From the usual suspects to lesser-discussed challenges and untapped opportunities, fund managers await Cop28 to unfold, writes Piyasi Mitra.
As the countdown to Cop28 commences, with the event scheduled from November 30 to December 12, its implications reverberate across the financial landscape, keenly anticipated by fund managers. Cop28, an acronym for the 28th session of the Conference of the Parties, marks a pivotal juncture in the United Nations Climate Change Conference series.
These conferences, tracing their origins back to the inaugural meeting in Berlin in 1995, primarily convene in Bonn, rotating hosts among UN regions. This year, the conference in Dubai transcends beyond a mere forum for dialogue, poised to be a crucible where global climate policies are forged, reshaping investment horizons. The decisions emanating from this conference are anticipated to recalibrate regulatory frameworks, either unlocking new prospects or ushering in unforeseen challenges for fund portfolios.
Lisa Wilson MD, XTCC, who will be presenting at the conference, calls it the “Cop of action”. Should it fail to sustain the 1.5-degree pathway, the repercussions for the financial system and implications for European investors would be “profound”, cautions Wilson. Thankfully, today’s asset managers are considering transition risk and physical risk data in their investment processes, observes Hortense Bioy, global director of sustainability research at Morningstar. The assessment of climate change impact on companies helps portfolio managers identify assets well-positioned for the shift to a low-carbon economy, explains Bioy. Additionally, they are actively engaging with companies to encourage them to improve their climate-related disclosures and reduce carbon footprints.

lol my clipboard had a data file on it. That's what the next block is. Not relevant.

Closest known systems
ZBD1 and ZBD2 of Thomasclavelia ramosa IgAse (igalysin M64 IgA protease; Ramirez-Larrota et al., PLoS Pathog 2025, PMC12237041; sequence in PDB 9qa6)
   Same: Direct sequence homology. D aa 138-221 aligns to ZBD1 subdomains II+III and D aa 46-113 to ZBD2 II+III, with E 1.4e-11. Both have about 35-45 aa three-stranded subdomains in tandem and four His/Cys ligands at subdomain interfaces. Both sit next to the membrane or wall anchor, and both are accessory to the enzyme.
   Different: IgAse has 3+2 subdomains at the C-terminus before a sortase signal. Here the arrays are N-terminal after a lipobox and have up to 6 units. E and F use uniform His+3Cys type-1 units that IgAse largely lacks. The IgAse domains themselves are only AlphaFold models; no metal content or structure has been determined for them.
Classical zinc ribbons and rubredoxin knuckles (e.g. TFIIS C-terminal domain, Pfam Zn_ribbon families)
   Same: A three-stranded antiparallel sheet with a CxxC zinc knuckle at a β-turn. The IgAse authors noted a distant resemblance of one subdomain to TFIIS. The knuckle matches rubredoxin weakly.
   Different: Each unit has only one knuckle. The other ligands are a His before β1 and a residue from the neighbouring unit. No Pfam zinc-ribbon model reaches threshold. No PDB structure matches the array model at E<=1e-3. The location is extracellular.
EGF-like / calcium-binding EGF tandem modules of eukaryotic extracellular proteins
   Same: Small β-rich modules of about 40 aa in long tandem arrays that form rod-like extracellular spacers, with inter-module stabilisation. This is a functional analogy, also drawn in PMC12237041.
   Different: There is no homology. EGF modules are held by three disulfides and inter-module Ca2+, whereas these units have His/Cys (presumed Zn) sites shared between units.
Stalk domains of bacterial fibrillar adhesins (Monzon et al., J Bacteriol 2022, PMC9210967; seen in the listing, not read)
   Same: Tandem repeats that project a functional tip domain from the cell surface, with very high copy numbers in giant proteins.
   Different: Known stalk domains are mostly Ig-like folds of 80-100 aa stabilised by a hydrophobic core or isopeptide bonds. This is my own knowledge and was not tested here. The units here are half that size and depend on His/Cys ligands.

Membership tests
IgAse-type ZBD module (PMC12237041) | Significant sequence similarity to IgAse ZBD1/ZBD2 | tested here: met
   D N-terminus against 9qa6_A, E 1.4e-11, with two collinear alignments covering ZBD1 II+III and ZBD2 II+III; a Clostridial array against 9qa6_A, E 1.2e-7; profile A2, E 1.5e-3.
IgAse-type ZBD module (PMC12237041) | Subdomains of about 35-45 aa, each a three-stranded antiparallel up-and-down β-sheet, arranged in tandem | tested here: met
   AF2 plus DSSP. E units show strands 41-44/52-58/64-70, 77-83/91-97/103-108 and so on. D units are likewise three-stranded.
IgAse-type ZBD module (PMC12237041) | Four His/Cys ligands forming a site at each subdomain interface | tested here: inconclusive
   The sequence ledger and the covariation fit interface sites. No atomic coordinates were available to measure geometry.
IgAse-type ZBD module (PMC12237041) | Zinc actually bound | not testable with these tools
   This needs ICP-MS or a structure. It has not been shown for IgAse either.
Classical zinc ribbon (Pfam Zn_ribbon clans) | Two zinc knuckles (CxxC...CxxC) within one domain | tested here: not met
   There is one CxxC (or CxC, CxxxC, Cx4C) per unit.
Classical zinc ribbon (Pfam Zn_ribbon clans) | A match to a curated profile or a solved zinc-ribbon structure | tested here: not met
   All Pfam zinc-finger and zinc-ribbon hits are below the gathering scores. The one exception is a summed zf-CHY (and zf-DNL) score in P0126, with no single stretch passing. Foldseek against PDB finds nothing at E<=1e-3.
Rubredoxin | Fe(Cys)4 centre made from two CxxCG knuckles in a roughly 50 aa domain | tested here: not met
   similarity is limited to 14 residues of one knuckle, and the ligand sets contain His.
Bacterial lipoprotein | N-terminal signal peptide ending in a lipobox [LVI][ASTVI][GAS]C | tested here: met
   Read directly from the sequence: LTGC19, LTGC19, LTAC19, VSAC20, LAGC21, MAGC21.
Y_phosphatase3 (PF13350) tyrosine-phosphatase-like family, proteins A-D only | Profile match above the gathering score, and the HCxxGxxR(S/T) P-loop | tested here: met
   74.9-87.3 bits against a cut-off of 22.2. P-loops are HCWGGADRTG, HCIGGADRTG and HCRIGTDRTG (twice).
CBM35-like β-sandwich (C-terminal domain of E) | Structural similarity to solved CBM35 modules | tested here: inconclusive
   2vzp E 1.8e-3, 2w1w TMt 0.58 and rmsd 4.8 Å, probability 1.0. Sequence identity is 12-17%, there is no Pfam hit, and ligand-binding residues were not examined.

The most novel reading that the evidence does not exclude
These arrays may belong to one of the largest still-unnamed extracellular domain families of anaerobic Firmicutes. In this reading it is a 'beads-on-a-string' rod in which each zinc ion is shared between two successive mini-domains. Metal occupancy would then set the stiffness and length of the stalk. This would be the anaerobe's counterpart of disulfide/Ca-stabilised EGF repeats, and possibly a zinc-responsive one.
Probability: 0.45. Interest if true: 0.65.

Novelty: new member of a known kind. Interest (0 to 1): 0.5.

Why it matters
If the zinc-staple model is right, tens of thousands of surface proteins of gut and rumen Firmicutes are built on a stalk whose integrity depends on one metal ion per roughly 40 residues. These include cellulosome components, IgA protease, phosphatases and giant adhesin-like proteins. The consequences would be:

Morningstar data shows global growth in climate-related funds from just 200 five years ago to 1,400 this year, registering a 14-fold growth in assets to over $500 billion. Bioy highlights that, in parallel, there’s a growing trend among asset managers to develop and launch investment products focused on climate themes. These products include low-carbon funds, green bonds, and others that concentrate on climate solutions and renewable energy.
Data proves why it is time investors smell the coffee. Physical risks caused by climate change could result in more than 50% loss of portfolio value in infrastructure investments before 2050, according to research by EDHEC Infrastructure & Private Assets Research Institute. “Moreover, the average investor will also lose twice as much to extreme weather, mostly in OECD (Organisation for Economic Co-operation and Development) countries, compared to a low carbon scenario,” shares Frédéric Blanc-Brude, director of the EDHEC Infrastructure Institute.